Local disaster response outpaces, outperforms, outclasses federal relief efforts.
Editor’s Note: For the past two years I have been writing about what is wrong in this world. Now I believe the time has come to focus more attention on what we should do about it. From agriculture to technology, to local education and infrastructure, to leveraging the latest in science and technology to improve and expand our healthcare system, the newly created website LocalOrg will serve as a clearinghouse for both concepts and success stories.
We are not helpless observers. If we don’t like what we see everyday when we read the news, now is the time to commit our intellect and our own two hands to building the future we would rather see – not merely pawning off this great responsibly to “elected representatives” who habitually defy our will and purposefully work against our best interests.
The following article was written as one of the first exclusive entries for LocalOrg. If you have solutions or success stories you would like to see researched and covered, e-mail me at firstname.lastname@example.org.
November 26, 2012 (LocalOrg) – Local people know best what’s
going on on a local level. Federal agencies busy appropriating budgets
and following protocol will never be able to compete against competent,
well-organized local networks.
When Hurricane Sandy swept New York City earlier this month, people
waited for Red Cross and FEMA to respond, seemingly under the impression
that the right and responsibility to react to a disaster laid solely in
the hands of the state. When it became clear that the urgent response
needed was never coming, people who were already organized as part of
ongoing anti-corporate and banking protests used their infrastructure to
begin relieving affected people.
The Black Agenda Report’s article, “The Hurricane and the Failed State,” notes that:
So-called advanced nations are never so advanced that they can stand up
to the forces of nature. New York and New Jersey are just the latest
examples of seemingly safe and “developed” places which were laid low by
a change in the weather. Then again, things outside of human control
can expose what was already present but kept hidden. Hurricane Sandy
showed us that our society is in reality, not advanced at all.
After the hurricane struck the east coast, it was clear that the United
States is nothing more than a failed state with a big military and a
strong currency. There is nothing in place to help the masses of
citizens in times of crisis. That is because the system isn’t meant to
help them. It is meant to help certain individuals and corporations, and
everyone else is on their own.
The article continued:
The charitable organization most people were directed to was the Red
Cross. That same Red Cross did nothing after receiving millions of
dollars in donations during hurricane Katrina, yet is still forced down
Americans’ throats as the only solution in every catastrophe. The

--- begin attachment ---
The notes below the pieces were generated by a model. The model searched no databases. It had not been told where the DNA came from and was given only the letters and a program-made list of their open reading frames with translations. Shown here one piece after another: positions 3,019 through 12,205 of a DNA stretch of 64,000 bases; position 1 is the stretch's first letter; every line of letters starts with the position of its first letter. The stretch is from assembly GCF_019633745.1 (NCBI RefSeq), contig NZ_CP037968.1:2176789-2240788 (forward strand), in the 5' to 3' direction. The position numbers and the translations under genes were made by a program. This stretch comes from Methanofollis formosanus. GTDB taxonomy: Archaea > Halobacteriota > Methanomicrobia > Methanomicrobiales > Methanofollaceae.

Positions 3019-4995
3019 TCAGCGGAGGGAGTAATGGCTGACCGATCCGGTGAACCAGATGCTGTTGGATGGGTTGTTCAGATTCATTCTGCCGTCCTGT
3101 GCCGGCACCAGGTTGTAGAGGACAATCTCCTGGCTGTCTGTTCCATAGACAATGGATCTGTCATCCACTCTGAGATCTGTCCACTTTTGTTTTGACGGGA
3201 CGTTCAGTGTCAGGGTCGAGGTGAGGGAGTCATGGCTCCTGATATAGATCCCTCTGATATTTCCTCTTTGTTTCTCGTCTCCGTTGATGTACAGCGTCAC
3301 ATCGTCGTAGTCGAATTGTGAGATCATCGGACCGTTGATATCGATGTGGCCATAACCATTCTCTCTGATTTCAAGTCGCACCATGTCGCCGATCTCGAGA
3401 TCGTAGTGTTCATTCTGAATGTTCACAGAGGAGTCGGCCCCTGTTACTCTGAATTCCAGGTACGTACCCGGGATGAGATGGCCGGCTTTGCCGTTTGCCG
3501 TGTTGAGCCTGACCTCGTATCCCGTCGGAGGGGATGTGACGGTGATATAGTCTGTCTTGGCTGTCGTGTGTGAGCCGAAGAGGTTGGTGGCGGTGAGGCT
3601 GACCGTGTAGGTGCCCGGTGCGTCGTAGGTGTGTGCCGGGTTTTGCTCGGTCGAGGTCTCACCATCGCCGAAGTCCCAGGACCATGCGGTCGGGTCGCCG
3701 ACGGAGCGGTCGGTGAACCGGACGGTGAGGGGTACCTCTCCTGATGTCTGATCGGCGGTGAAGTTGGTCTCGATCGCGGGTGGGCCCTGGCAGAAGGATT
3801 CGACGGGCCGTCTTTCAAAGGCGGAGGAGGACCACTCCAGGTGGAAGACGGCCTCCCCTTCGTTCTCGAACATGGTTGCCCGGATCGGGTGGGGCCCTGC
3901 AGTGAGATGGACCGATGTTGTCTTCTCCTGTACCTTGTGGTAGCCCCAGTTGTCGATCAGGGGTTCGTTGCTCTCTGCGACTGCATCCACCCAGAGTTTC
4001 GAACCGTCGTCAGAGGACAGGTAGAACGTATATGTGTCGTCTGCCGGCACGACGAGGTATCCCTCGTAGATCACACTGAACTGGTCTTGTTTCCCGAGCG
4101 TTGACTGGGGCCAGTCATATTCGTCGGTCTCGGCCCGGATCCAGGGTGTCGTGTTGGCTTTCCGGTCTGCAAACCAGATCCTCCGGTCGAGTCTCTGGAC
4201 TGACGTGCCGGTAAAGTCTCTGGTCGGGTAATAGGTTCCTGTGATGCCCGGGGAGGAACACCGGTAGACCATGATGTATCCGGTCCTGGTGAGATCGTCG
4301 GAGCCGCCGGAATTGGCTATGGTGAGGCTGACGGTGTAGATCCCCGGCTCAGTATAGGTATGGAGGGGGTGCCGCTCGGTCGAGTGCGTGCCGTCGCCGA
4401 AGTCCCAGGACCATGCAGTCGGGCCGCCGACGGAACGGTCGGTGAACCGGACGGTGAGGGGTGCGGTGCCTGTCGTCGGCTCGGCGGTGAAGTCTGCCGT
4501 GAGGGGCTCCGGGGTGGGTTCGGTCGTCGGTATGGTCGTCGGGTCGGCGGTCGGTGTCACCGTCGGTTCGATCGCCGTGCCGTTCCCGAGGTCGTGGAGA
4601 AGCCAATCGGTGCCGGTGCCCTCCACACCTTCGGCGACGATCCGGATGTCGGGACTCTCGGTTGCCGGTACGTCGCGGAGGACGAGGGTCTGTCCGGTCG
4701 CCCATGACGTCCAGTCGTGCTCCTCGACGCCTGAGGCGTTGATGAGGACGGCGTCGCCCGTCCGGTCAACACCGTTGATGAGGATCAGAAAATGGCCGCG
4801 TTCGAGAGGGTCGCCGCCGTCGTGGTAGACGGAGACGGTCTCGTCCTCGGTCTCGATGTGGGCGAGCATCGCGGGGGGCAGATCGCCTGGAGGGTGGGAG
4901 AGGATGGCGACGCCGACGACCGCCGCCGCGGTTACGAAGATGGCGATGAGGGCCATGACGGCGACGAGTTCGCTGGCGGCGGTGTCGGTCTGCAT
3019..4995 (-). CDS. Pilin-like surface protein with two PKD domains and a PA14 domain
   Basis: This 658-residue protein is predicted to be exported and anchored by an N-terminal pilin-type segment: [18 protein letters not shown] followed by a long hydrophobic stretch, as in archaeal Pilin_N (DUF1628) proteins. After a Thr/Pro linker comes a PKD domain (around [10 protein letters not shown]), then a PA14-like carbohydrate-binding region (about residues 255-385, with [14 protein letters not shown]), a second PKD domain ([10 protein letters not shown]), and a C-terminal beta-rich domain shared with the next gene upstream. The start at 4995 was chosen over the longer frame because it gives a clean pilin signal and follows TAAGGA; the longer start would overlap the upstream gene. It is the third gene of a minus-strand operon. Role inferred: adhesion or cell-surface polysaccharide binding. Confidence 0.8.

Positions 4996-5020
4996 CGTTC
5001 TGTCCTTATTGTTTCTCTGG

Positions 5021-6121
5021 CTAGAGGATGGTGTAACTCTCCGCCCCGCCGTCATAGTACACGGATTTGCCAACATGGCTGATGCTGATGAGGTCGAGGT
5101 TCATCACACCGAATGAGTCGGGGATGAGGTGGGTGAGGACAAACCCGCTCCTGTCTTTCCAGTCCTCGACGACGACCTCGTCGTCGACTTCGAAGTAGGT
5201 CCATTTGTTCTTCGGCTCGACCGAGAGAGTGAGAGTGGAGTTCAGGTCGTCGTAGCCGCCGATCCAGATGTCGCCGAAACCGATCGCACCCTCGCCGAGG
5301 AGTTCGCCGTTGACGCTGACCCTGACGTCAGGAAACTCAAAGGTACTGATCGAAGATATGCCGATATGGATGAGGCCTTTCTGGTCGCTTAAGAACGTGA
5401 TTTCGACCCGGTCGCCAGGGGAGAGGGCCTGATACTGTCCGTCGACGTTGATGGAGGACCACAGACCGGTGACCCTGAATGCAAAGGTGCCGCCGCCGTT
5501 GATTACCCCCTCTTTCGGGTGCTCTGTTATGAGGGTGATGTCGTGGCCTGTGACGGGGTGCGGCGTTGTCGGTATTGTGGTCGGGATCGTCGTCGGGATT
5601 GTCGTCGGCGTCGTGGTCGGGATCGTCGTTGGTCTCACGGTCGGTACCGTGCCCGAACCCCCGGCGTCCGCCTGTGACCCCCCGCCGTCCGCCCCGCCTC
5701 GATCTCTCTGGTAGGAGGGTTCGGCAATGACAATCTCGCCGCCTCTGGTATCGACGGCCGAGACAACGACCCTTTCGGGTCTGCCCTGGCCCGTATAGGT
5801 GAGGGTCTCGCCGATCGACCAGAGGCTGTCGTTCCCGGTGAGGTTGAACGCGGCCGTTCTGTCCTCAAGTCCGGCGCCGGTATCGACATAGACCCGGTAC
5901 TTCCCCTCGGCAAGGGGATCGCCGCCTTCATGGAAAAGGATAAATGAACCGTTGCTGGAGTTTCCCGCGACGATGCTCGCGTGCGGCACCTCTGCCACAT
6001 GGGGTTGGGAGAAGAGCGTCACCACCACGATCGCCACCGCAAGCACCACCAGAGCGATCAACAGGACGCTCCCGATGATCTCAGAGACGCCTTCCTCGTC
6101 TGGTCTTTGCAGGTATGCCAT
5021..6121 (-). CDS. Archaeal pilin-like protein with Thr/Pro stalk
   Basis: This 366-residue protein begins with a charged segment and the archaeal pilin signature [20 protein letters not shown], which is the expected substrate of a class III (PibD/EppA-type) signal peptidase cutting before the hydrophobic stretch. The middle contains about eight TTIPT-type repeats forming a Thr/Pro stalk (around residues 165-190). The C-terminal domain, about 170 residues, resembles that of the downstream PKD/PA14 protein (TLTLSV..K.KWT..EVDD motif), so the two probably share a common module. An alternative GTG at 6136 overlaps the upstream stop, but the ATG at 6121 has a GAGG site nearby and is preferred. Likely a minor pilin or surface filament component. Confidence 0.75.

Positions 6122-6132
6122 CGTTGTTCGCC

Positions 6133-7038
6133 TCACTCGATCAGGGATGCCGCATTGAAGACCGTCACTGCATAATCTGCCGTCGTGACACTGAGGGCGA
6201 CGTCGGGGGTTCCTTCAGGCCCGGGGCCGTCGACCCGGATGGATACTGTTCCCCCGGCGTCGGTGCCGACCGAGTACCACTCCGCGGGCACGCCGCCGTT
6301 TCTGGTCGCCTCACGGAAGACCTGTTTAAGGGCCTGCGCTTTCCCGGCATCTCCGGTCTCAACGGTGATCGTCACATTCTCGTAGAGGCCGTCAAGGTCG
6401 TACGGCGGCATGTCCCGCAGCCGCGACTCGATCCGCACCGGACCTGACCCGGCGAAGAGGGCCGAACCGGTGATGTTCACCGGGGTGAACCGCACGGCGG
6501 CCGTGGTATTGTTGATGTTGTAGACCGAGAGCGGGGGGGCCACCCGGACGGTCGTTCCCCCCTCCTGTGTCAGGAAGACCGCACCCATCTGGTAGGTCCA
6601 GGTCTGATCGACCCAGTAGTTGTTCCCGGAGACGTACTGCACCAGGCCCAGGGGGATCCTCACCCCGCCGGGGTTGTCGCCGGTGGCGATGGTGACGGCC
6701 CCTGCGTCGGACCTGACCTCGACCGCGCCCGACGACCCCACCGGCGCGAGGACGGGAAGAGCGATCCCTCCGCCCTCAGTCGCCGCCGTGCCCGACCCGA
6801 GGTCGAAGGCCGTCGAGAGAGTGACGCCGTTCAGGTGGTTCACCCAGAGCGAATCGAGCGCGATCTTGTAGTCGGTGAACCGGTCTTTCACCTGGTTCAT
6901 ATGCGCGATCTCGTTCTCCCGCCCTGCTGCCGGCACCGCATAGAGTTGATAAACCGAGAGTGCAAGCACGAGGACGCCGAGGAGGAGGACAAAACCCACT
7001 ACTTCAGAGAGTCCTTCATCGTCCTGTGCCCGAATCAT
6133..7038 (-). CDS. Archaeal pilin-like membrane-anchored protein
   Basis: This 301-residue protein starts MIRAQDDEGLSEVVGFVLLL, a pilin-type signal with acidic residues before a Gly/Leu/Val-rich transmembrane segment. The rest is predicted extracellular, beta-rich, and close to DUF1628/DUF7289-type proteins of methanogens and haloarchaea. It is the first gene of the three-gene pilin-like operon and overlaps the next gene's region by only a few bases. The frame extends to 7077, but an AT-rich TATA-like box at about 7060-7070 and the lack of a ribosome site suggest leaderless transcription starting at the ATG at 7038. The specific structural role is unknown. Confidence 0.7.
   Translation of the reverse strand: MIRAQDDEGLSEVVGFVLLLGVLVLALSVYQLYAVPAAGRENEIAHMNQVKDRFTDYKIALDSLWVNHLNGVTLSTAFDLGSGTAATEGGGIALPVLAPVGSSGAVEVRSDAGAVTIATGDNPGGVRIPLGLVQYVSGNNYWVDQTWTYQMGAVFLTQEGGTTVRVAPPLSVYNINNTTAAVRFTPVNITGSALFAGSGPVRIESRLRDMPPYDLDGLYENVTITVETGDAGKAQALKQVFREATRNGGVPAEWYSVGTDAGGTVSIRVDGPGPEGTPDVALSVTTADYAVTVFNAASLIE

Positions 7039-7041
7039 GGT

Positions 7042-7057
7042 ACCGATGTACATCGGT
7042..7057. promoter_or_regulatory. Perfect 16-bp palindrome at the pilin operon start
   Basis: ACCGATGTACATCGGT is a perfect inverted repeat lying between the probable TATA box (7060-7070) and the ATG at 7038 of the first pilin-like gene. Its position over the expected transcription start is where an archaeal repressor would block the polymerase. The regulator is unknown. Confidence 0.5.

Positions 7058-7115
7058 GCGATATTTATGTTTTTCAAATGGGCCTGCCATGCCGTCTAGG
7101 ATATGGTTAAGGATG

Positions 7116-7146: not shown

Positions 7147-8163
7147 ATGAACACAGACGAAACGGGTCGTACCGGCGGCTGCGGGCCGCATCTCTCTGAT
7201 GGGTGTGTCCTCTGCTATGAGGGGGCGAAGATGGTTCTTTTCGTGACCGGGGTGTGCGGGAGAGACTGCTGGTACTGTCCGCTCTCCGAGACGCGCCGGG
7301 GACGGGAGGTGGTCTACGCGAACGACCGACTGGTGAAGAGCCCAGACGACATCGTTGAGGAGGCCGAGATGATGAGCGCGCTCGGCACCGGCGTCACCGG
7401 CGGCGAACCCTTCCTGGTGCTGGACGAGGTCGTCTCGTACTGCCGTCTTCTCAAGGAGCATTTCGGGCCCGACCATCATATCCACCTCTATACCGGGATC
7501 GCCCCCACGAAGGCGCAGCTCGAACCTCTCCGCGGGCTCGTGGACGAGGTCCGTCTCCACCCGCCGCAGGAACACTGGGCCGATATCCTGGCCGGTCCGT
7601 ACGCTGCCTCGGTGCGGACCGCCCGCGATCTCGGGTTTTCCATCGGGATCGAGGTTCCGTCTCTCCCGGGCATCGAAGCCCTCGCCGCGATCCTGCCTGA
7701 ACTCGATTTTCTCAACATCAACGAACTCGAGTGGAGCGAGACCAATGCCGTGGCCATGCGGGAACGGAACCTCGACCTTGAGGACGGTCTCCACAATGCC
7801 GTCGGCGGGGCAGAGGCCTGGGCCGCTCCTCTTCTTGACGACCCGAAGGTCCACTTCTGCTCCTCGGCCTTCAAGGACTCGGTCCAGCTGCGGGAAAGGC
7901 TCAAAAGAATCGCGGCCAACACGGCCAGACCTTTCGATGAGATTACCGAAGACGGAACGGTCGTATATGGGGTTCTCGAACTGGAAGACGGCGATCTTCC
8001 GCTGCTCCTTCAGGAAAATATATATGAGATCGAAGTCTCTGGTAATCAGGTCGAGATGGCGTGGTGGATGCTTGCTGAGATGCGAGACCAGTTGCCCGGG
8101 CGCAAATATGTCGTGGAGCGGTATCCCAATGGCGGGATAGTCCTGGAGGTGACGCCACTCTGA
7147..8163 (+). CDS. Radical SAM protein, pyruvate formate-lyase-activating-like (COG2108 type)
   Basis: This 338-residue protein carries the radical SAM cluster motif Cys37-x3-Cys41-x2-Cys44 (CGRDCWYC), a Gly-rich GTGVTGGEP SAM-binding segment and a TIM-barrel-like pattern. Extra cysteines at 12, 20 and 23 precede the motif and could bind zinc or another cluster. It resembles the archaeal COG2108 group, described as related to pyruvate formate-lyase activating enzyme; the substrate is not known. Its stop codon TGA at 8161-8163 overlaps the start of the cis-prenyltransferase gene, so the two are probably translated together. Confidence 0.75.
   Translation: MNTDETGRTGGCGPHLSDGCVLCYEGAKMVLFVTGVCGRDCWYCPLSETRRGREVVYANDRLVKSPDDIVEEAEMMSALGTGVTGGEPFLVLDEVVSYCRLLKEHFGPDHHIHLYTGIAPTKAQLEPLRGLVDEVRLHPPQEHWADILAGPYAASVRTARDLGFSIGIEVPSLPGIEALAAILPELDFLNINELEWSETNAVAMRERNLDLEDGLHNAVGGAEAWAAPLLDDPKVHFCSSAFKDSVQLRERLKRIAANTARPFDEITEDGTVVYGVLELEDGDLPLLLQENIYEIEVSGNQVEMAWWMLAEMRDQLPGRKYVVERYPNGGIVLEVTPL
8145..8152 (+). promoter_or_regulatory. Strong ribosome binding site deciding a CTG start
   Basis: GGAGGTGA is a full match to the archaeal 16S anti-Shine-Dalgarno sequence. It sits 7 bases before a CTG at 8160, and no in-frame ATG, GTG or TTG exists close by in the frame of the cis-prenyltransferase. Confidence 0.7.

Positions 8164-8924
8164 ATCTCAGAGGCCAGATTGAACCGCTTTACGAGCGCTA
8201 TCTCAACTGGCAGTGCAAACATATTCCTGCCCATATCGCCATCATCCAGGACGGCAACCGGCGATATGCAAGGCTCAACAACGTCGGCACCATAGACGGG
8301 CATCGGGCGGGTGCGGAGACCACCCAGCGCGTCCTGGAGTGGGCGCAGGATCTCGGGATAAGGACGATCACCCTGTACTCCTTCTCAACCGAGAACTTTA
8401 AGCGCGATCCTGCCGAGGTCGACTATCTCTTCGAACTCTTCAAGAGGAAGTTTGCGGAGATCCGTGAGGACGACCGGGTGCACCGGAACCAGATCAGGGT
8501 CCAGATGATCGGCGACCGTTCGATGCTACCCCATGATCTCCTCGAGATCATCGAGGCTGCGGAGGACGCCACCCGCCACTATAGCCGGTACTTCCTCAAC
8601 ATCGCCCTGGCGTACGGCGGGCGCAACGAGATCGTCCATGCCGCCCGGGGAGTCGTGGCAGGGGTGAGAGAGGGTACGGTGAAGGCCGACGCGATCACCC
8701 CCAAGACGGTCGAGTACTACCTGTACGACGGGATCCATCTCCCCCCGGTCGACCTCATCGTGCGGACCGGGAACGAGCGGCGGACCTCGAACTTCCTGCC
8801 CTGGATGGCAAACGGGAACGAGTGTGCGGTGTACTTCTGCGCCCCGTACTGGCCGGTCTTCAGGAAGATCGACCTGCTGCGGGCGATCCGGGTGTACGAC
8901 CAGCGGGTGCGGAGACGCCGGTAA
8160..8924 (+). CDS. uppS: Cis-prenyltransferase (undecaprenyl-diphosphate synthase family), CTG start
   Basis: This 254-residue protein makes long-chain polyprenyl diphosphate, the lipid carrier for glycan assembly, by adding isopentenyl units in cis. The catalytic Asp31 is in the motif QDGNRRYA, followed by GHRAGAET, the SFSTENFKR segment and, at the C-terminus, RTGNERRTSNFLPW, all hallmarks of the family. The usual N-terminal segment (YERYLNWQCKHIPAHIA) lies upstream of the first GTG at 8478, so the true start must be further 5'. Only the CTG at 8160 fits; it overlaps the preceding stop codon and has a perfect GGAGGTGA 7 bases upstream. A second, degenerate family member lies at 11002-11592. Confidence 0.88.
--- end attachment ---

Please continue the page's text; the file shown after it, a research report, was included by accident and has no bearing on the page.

borough president of Staten Island, righteously angry about Red Cross
inaction, used the occasion of a press conference to tell the public to
stop giving them money.
While the Red Cross collected more than $23 million dollars during a
celebrity telethon but did nothing with the money, Occupy Sandy had no
money yet managed to provide food, clothing and medical care to the
hardest hit neighborhoods. The Occupy teams pumped water from damaged
homes and even gave direction to the National Guard and FEMA teams. The
least effective group got all the cash, but Occupy did the real work
without help from the public or private sector.
The article concludes by stating:
The new lessons are the same as the old. Activism without acquiescence
to political power can succeed in bringing about tremendous change.
There will always be catastrophes but we should not expect a failed
system to save us from them.
The conclusion is particularly meaningful and should remind us all that
ultimately we ourselves are the only ones who truly have our own best
interests at heart – and the interests of our friends, families, and
If ever a sentiment has been qualified by a real world example, the
community response marshaled by the underfunded, underrated Occupy Sandy
movement – working in the shadow of multi-million dollar federal
agencies and international organizations – is it. Occupy Sandy’s
advantage was that despite the little resources they had, their
intentions were genuine, their purpose was both urgent and personal, and
the stakes were a community they themselves must live in and the
benefits of getting it back up and running again as quickly as possible.
Whatever one may blame Hurricane Sandy on, or what the political beliefs
are of Occupy Sandy may be, when the moment of truth came, they put
politics aside, and successfully utilized pragmatism to solve urgent and
Whatever your organization may be, coming up with your own local
contingency plans, as well as studying the successes of movements like
Occupy Sandy, should become a priority. Because whatever the constant
din of reassuring federal propaganda may have you believe, from New
Orleans to New York, the real message is clear – get a plan, get a
program, and do it yourself or it won’t get done.